Is It Time to Merge Your Personal Training and Group Exercise Departments?

Some club operators have merged their group exercise and personal training departments under one leader Photo from Thinkstock
<p>Some club operators have merged their group exercise and personal training departments under one leader. <em>Photo from Thinkstock.</em></p>

Traditionally, club operators have treated personal trainers and group exercise professionals as two spokes of a wheel. Each was equally important to support a healthy club, but they required separate attention and management. The emergence of a new trend toward small group fee-based classes has begun to blur the lines, leaving many wondering if the potential for team synergy and cost-savings should propel them into a new management model.

Is it more efficient to run all exercise programs as one? Or, are commission-based personal trainers and hourly group exercise instructors so different that they deserve their own nuanced systems? Taking a team approach to training and group exercise has potential benefits, but club operators say they are still unsure about the repercussions.

Bill McBride, president and CEO of Active Sports Clubs, Sausalito, CA, which recently purchased a majority of Club One's 85 clubs, is a 20-year industry veteran who spent many years with San Francisco-based Club One prior to co-founding Active Sports Clubs. McBride says the team approach to fitness management could benefit club operators and members alike.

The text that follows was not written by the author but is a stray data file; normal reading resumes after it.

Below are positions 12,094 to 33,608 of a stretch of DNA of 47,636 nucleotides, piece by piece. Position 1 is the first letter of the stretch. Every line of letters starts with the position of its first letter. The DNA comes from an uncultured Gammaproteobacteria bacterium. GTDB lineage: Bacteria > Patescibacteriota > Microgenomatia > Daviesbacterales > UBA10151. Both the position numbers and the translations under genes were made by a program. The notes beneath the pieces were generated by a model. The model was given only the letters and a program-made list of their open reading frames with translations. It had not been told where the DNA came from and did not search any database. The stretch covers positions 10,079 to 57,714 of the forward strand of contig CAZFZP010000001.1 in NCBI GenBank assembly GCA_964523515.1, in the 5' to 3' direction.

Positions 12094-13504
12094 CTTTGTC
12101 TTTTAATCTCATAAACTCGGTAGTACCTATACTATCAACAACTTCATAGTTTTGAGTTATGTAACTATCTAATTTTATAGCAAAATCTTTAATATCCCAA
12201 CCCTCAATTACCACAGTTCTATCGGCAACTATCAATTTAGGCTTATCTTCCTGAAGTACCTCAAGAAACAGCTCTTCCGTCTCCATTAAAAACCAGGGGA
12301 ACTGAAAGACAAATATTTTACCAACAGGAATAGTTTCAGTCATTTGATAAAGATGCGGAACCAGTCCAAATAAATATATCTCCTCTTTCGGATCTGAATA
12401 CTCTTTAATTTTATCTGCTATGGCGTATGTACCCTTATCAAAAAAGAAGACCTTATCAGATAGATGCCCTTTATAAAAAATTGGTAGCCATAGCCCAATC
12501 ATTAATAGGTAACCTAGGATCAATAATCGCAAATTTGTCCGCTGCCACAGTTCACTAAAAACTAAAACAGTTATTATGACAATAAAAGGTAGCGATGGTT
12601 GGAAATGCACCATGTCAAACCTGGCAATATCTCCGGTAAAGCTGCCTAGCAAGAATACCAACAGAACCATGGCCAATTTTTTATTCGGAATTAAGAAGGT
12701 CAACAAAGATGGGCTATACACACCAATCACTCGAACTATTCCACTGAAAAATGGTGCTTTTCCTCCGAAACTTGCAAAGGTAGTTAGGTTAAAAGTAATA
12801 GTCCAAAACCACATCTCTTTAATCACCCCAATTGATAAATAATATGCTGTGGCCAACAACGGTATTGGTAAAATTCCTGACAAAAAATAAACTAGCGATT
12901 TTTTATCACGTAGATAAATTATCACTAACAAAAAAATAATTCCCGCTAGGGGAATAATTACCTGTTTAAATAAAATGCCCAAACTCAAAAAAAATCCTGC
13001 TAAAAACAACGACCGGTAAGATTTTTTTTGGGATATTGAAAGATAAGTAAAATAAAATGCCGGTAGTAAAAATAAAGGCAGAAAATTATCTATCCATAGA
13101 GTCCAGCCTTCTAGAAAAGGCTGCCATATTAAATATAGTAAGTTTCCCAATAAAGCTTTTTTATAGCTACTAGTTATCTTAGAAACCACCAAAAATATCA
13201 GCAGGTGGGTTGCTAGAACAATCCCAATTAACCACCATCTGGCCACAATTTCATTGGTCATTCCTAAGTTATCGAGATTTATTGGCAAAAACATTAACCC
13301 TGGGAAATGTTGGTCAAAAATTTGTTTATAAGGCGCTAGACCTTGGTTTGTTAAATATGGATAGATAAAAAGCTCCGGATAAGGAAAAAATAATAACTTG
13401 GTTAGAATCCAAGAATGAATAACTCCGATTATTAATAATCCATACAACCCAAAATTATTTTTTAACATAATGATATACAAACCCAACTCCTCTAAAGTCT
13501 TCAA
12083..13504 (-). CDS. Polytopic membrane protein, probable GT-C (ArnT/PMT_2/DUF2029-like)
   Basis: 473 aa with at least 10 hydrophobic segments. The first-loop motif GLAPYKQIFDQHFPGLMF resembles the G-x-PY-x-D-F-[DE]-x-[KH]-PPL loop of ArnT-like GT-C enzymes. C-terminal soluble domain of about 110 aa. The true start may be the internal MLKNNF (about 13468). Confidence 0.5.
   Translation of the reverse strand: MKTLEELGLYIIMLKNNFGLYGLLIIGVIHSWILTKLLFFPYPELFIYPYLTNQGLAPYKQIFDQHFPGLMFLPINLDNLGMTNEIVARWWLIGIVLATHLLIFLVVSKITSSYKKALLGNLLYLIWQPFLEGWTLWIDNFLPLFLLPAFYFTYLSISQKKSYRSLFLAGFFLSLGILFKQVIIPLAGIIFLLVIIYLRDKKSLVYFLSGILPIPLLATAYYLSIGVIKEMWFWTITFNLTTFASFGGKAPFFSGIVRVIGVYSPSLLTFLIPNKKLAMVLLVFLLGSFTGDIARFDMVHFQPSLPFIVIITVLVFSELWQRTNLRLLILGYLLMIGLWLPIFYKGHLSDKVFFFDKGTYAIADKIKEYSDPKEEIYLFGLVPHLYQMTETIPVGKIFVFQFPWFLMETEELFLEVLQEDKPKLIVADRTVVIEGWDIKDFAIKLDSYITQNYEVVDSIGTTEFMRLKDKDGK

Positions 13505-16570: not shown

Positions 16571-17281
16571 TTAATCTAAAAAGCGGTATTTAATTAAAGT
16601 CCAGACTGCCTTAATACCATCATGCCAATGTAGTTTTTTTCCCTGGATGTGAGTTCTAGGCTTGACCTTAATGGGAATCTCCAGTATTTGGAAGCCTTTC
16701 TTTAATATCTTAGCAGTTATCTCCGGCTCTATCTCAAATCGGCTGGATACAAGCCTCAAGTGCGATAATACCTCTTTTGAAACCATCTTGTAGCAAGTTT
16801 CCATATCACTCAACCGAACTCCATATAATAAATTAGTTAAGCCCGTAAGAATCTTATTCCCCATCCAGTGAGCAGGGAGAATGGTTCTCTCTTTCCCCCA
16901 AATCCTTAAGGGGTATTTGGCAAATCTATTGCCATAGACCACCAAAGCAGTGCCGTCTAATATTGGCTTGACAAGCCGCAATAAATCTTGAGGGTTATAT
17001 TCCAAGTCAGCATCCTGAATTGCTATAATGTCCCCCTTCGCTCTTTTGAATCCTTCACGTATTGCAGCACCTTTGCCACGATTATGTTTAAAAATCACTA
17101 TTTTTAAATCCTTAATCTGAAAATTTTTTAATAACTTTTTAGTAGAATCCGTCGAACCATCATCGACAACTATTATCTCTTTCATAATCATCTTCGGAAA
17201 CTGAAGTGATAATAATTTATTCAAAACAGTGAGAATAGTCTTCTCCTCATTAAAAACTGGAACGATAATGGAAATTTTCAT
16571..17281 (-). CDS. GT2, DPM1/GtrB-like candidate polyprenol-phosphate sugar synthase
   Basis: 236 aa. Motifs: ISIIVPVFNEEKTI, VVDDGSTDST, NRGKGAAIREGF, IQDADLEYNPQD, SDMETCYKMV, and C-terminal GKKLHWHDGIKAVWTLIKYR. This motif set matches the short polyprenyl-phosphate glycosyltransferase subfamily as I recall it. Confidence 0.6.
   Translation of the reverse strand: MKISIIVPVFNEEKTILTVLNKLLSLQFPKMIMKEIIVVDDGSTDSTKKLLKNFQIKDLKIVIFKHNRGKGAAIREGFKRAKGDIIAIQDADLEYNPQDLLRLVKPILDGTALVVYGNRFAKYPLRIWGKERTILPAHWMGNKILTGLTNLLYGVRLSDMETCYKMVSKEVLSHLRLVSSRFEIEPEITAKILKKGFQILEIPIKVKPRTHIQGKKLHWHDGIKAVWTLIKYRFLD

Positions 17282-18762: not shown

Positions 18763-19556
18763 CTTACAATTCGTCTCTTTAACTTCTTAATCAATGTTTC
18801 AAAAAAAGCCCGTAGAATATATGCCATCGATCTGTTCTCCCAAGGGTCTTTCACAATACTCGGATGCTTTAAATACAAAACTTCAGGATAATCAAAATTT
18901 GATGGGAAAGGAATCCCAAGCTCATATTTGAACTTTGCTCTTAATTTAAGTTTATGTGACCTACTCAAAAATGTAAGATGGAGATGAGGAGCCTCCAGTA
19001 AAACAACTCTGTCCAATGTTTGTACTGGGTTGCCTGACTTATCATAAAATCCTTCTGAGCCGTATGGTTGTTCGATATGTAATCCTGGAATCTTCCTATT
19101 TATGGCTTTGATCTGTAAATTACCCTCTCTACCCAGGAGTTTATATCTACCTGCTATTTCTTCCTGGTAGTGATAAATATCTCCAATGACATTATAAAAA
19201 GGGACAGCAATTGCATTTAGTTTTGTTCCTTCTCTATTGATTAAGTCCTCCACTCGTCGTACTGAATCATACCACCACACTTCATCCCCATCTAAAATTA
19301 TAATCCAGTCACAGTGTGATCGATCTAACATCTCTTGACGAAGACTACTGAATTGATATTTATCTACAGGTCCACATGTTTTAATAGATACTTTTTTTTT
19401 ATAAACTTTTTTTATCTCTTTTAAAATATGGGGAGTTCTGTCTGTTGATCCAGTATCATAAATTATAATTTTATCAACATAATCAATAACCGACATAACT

"You can build one fitness delivery model with an emphasis on getting members into a planned, complete solution without an 'either PT or group' silo approach," says McBride, who also is CEO of health club consulting company BMC3. "The fitness team approach ensures the members have an integrated program for a comprehensive solution that is designed best for the member."

With the fitness team approach, clubs become focused on hiring what McBride calls "cross-functional" fitness professionals. These professionals have the skills to teach group classes, train individuals and sell personal training sessions. They help members become aware of more club offerings and continually push them to try new things.

"This should lead to better member results, increased fitness program revenue and a more talented, versatile staff," McBride says.